Spinach has been simmered until it wilted.

    Spinach has been simmered until it wilted.

    Simmering the soup with the meatballs

    Simmering the soup with the meatballs

    Finished turkey meatball soup - quite hearty!

    Finished turkey meatball soup – quite hearty!

I was worried that this would not be very flavorful considering the small list of ingredients and my omission of the thyme, but this soup was AWESOME.  I am definitely adding this to my everyday repertoire.  Will (who is currently on the keto/paleo diet) ate the soup without pasta and declared it was “amazing”.

So if you were paying attention to this post, you know I have a few extra secondhand copies of Martha Stewart’s Healthy Quick Cook.  I’d love to mail them to those who are interested to try some of these great recipes!  To win February’s give away, post your favorite “healthy” recipe or a healthy recipe trick.  I’ll randomly pick the winners next Monday night (February 28 2016) and mail them a second hand copy of the book.

*It may very well be the bible of parties.


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9 Responses to Martha Madness (Turkey Meatball Soup and the February Give-Away!)

  1. Mark says:

    Kale, shmale! Erin, I’m going to let you finish, but I just want to say that THIS is the best recipe of all time:

    -1 bag egg noodles
    -1 stick butter
    -1 can Rotel

    1) Cook egg noodles, drain.
    2) Add butter and rotel, stir.
    3) Buy life insurance.
    4) Enjoy!

    • lexicolton says:

      Step 3 is crucial. I think if this is 6 servings its not so bad… If you eat the whole thing… then well, step 3. Have you tried cutting down the butter? In side dishes like this (non-baking) where the butter is just for flavor it is possible to cut it down. Don’t do this for baking unless you really know what you’re doing because it will change the finished product.

      • Erin says:

        We’ve made it before with half a stick and, while it is still quite tasty, it doesn’t have the artery clogging goodness of a full stick.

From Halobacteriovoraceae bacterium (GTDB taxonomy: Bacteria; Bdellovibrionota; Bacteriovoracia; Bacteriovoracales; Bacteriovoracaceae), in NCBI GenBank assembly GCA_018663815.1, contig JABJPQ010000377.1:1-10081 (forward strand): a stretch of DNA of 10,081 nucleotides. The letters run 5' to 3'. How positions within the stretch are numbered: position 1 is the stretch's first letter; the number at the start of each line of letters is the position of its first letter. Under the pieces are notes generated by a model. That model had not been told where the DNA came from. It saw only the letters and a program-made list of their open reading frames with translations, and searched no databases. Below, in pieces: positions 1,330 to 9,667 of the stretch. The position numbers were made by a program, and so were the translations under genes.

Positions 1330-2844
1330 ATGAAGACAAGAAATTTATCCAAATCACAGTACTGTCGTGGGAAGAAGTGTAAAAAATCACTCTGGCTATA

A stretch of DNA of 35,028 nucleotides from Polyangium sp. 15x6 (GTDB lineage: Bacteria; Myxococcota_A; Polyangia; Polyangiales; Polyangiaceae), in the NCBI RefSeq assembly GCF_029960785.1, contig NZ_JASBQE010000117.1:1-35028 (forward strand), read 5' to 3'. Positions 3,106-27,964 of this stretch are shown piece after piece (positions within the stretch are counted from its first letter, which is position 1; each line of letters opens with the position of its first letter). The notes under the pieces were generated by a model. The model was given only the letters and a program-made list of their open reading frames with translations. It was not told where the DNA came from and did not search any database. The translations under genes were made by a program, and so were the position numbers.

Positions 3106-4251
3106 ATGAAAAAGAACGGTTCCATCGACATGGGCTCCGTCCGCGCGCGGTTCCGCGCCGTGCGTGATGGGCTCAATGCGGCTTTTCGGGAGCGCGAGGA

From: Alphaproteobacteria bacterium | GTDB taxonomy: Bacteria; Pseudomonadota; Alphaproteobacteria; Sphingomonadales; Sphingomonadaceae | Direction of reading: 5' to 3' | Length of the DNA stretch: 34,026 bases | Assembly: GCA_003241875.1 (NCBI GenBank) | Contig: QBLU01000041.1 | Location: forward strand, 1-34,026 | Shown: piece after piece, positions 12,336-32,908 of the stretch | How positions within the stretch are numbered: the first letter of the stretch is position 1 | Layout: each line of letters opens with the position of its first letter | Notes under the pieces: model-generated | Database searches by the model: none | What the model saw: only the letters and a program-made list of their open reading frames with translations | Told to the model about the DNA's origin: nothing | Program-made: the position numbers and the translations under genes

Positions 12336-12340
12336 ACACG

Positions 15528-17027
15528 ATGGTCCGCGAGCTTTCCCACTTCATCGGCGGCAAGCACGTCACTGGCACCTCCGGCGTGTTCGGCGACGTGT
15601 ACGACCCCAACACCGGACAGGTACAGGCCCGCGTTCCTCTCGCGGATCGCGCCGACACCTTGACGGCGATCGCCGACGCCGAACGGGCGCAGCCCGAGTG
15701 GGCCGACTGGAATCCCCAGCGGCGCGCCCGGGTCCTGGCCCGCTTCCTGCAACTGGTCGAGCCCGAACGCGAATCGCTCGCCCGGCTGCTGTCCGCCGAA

2. Andrew P says:

    One of my favorite healthy things to cook is to bake a filet of fresh fish. I usually pair it with a grain (couscous or wild rice, using the recipe from the back of the box) and either a salad or a seasonal vegetable, with asparagus being my favorite. Here’s what I do.

    Ingredient List
    – 1 Filet of fish (can be any fish you fancy, it just alters the cooking time a bit)
    – 1 Lemon
    – 1 Box of couscous or wild rice
    – 1 Bunch of asparagus
    – Some minced garlic (can be freshly minced, but is even easier from a jar)
    – Capers
    – Olive oil
    – Salt
    – Pepper

    First, I preheat the oven to 400 °F and line a shallow pan with aluminum foil and put the filet of fish on the foil, skin-side down. If the fish looks wet, you should pat it dry with a paper towel.

    Next, I try to evenly distribute some minced garlic, capers, and olive oil on top of the fish, followed by some lemon juice, salt, and pepper.

    Depending on the thickness of the filet and the type of fish, I put it in the oven for 10-25 minutes until it flakes easily with a fork in the thickest part.

    Once the fish is in the oven, I make the rice/couscous according to the directions on the box and sauteé the asparagus over medium heat with a little olive oil, salt, and pepper.

    Once the fish is cooked, it is easy to separate from the skin with a spatula when it’s time to serve it, and you’ve got a nice, healthy meal.

    • lexicolton says:

      That sounds delicious! Fish is tasty, healthy and fast! Great suggestion! My go-to fish is salmon. I usually marinate it for 15 min to an hour with the following ingredients then cook as you suggested above!

      minced garlic
      2TB soy sauce
      1 TB sugar
      2tsp oil

  3. Emma H. says:

    Healthy Mac and Cheese? Yes, please!

    1/2 a butternut squash, cubed
    3 medium sized carrots, thinly sliced
    1 head of cauliflower (about 2 lbs), cubed
    2 tbsp peccorino romano
    1/4 cup shredded gruyere
    1/2 cup shredded cheddar
    1/4 cup neufchatel
    1 cup vegetable broth
    1 1/2 tsp Dijon mustard
    1/4 tsp hot sauce
    Salt to taste
    1/3 cup Panko bread crumbs
    1 tsp butter
    3 cups whole wheat shells

    Preheat oven to 400.

    First, melt the butter in a pan, and toast the panko crumbs on medium-high heat. Remove them from the stove, put them in a bowl, combine with Peccorino Romano and set aside.

    Boil the carrots, squash and cauliflower in a large pot until soft. Strain, then puree in a blender or food processor. I like to use the hand blender. Add the broth, mustard, neufchatel, hot sauce, cheddar and gruyere and blend until smooth.

    Boil 3 cups of whole wheat shells until Bout halfway done. Combine with the cheese mixture and put in an oven-safe casserole dish. Sprinkle the top with bread crumb mixture.

    Bake 30-35 minutes.

    Makes 8-10 servings.


    • lexicolton says:

      Yum!! I like that there are actual vegetables in this version! I have never seen that! And it looks like they are disguised too so it could be very kid friendly! Logging this one away too!